In my call for suggestions last week, GoDCer Rych emailed a request to look into the last fire horses for the District fire department. John Kelly did a piece a few years back in the Post which is an excellent read.
To put a true Ghosts of DC spin on Rych’s story idea, we’re going to do a “Three Things…” post on the final trio of fire horses, Barney, Gene and Tom.
1. Last run thrills three old fire horses
Below is an article on the final run, albeit for show, of the last three fire horses. The article was published on June 10th, 1925 in the Washington Post.
The last run! There’s something pathetic about it. More so because Barney, Gene and Tom, three gray steeds of the fire service don’t seem to realize it.
For the past year they have stamped impatiently in their stalls waiting for the familiar clang that didn’t come. Men spoke cryptically in their presence of their fire running days being over; of their being sold at auction or transferred to some lowly pursuit. The equestrienne veterans couldn’t believe it.
It was a long time between calls and the three horses found life hardly worth living. For ten of their fourteen years of life they had given their best to the first service. They couldn’t understand their idleness.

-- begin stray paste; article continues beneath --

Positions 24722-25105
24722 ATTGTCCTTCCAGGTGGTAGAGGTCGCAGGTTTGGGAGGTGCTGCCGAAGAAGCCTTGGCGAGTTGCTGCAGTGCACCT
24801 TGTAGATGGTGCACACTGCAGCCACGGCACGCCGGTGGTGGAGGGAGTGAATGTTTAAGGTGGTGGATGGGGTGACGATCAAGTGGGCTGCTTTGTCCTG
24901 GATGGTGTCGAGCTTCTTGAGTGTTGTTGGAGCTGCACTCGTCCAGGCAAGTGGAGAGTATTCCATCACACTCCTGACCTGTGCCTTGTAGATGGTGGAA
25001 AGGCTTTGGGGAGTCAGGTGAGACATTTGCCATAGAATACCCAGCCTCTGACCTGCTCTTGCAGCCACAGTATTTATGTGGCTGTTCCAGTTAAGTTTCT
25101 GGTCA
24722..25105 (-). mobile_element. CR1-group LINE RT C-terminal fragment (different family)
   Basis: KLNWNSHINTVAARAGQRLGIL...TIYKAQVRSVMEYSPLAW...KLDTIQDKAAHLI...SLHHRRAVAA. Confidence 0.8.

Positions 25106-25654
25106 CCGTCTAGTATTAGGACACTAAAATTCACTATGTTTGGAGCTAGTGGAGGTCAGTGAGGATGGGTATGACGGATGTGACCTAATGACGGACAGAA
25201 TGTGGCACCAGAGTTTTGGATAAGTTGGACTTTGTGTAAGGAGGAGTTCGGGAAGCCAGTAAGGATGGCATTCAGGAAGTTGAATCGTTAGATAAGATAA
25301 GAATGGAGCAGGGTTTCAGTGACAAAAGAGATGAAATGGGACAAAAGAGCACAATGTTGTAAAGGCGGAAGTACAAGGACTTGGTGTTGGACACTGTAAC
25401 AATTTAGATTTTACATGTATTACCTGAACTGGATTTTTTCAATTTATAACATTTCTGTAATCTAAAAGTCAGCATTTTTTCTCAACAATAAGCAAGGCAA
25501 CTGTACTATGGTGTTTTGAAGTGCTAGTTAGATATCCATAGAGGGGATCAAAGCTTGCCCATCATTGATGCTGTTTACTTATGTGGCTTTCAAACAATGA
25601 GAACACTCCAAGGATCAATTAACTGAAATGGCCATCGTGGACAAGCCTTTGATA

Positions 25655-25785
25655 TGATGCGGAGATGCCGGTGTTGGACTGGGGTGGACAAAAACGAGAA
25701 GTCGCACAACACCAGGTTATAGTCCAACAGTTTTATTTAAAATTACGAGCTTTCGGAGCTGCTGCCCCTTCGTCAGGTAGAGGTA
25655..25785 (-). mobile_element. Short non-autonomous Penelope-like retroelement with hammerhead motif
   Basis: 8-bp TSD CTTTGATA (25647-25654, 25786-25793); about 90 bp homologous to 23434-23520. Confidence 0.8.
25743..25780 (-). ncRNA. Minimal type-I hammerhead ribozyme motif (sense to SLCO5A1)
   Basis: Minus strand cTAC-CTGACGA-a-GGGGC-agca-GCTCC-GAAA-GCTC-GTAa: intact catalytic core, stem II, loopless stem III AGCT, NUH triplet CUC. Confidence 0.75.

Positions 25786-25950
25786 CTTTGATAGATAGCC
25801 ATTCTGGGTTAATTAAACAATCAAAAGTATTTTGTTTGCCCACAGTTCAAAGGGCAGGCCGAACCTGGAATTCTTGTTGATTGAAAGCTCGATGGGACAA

Yesterday the movies appeared to give them a new lease on life. The Department of Agriculture wanted some pictures of “The Last Run” for a film it is making. Barney, Gene and Tom were the only ones that could give it to them.
Early in the morning they were taken from No. 19 engine house to No. 8 and placed in the all-familiar stalls. This must be a return to service, they though, and they pawed the sawdust floor and whinnied nervously. It was good to be back under the overhanging harness.
And then came the gong. The years and worries fell from their shoulders as the harness dropped into place. Although they had made only three runs in the past year, they responded as if they had been in retirement only a day.
Firemen slid down the poles, throwing on their clothes as they did so. The kids came running, yelping, from everywhere. Driver D. Dwyer mounted an old engine, the chain across the front of the engine house dropped and they were off, bellowing kids and barking dogs in their wake. This was the life. Movie men were cranking away, but the veterans paid them no heed.
Out to Lincoln park, the job done, and then the triumphal trot back. A brisk rub down while the kids stood around admiringly. Then back to their stables. The last run!
2. Fire horses given retirement floral tribute
By the 1920s, fire horses were becoming outdated, a little dangerous and obsolete (read the perils of a Columbia Heights fire run circa 1900). Below is an article I came across in the Washington Post from June 16th, 1925 … the retirement of the District’s final three fire horses.
With tributes such as are rarely if ever, given pensioners, Barney, Gene and Tom, the last of Washington’s fire horses went into retirement yesterday. Before going to Blue Plains to pass the rest of their days in pasture, however, the horses gave the large crowd at Engine house No. 8 a thrill by galloping through the streets as of old, with an old pumper rumbling at their heels.